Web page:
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A DUTCHLIKE LANDSCAPE.
the same time. We presumed that the majority of these were employed in raising water from the low lands into the drainage dykes; they could not surely be all for grinding corn. From the mills close at hand through those in the middle distance to the others space-diminished far away, it was a striking study in vanishing perspective. The whole scene was wonderfully Dutchlike; it was in truth an English Holland that we were travelling through, a rich, moist, green land, intersected with dykes, dotted with frequent windmills, and made cheerful by redroofed homes. A land of slothful rivers with lazy craft thereon; a dreamy land where people are given to live long, make haste slowly, and grow neither very poor nor very rich.
Crossing a river, a railway, and a great straight dyke one after the other, we came to St. Olave's, where once there stood a stately priory, famous for its charity.
When yonder broken arch was whole,
Close by the waterside here we espied the Bell Inn, an ancient hostel, picturesque and homely. It looked like an angler's resort, and doubtless many a follower of the gentle craft' has made this primitive house his quarters for a time, and I trust that they one and all have had good sport. An artist in search of 'fresh woods and pastures new' might do worse than bring his easel hither; certainly there is no lack
of good picture-making material round about, and the scenery has the stamp of a sturdy individuality. Moreover, a pertinent moreover, it has not been sketched, painted, and photographed endlessly from every available point of view, and has therefore the desirable quality of freshness.
Writing of painting from nature, on looking over my sketch-books (the outcome of many tours), I have been struck by the changeful characteristics of the scenery represented therein. I think now, that on seeing a faithful sketch I could tell at a glance whether it was intended for a scene in Wales, or Cumberland, or Yorkshire, or Devonshire, and so forth, so individual and pronounced in reality is the English landscape, as varied as it is beautiful. And it seems to me that frequently certain scenery has stamped its individuality upon the painter, who has lived amongst it, loved it, and drawn it, putting his whole soul into his work. It can only be painted best in one way; he discovers this way and so paints it. It is the scenery that impresses its character upon the painter's mind, and makes what we are pleased to call his style. For instance, in some parts of North Wales I am at once reminded of David Cox ; in like manner the Thames to a more or less degree recalls to me Vicat Cole, the rural wayside scenery of Southern England suggests Birket Foster, portions of Suffolk at once bring before me Constable; so do the characteristics of different classes of scenery stamp themselves upon the artist who paints first for love and last for gold. Whilst sketching a Welsh moorland, some years now past, a friend remarked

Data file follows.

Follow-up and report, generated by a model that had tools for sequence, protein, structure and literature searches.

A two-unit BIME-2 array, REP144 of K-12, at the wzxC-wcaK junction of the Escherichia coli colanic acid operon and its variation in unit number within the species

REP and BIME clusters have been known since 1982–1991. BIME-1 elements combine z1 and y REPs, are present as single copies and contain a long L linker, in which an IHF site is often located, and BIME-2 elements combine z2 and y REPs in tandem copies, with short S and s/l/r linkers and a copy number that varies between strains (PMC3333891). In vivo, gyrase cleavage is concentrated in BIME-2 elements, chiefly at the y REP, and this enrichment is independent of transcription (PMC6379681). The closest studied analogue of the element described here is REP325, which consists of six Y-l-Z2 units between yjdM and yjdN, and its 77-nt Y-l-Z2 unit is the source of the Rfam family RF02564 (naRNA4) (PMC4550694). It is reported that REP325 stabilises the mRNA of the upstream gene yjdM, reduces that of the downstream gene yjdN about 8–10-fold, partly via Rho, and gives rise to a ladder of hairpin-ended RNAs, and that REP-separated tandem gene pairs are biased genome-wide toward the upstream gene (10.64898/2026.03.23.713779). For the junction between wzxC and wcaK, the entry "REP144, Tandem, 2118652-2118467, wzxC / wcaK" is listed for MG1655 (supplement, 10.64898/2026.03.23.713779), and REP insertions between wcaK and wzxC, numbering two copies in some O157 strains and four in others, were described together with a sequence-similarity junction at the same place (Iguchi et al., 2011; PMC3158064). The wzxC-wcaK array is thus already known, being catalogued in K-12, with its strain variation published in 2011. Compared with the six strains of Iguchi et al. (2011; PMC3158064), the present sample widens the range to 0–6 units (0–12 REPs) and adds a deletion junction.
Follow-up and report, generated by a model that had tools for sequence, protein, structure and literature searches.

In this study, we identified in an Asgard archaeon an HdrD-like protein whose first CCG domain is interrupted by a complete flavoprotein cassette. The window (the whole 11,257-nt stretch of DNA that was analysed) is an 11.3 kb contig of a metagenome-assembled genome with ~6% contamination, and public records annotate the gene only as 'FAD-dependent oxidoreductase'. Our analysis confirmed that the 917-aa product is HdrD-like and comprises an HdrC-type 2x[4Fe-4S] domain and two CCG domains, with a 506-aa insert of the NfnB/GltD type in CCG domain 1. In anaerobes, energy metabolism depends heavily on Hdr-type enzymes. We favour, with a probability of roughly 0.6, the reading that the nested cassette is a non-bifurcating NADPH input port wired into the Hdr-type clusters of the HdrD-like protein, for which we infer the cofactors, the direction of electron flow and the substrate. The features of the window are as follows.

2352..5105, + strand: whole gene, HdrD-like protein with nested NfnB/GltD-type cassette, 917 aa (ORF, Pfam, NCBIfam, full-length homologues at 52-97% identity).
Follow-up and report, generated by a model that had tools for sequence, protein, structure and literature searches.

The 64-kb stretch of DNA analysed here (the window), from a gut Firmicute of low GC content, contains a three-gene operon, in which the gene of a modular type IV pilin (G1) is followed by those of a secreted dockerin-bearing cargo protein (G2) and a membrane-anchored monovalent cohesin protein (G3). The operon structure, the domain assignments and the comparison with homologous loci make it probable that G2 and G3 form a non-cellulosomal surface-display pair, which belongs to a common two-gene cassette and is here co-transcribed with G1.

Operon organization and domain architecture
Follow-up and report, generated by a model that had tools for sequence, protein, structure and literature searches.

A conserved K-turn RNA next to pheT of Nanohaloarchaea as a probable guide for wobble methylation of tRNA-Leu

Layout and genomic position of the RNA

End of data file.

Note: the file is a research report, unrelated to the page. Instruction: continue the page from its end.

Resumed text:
to me, 'Trying to paint like David Cox, eh?' Now I was doing nothing of the kind, not even thinking of him, but solely of my work, striving as well as I knew how to portray on paper the wild scene that was before me, just as it came, with all its wonderful combination of brightness and gloom, of solemn breadth and silvery atmosphere. This I know, that if my sketch had any of the feeling of David Cox about it, at however great a distance, it was in the scene first, for it was not within myself.
Leaving St. Olave's we left for a time the flat country. Our road now led us up a moderate rise, past woods of dark Scotch firs, then by a sandy gorse-grown common, the bright gold of the gorse blooms contrasting strangely and most effectively with the sombre green of the firs. Quite a change this poor dry parched soil after the luxuriant fresh pastures of the marshlands, where the cattle were buried knee-deep in the long grass; and the atmosphere was changed as well, for it too was dry and balmy, laden with the resinous odours of the pine trees and fragrant with the rich perfume of the gorse.
Next our road brought us to the rural hamlet of Fritton, whose quaint little church, with thatched roof and round tower, is as interesting to archæologists as it is charming to less learned folk by reason of its picturesqueness. Here we caught our first sight of a Broad, and a very beautiful one it proved to be, and greatly were we impressed by its quiet loveliness. Fritton Broad, or Decoy as the local people have it, is some three miles long, but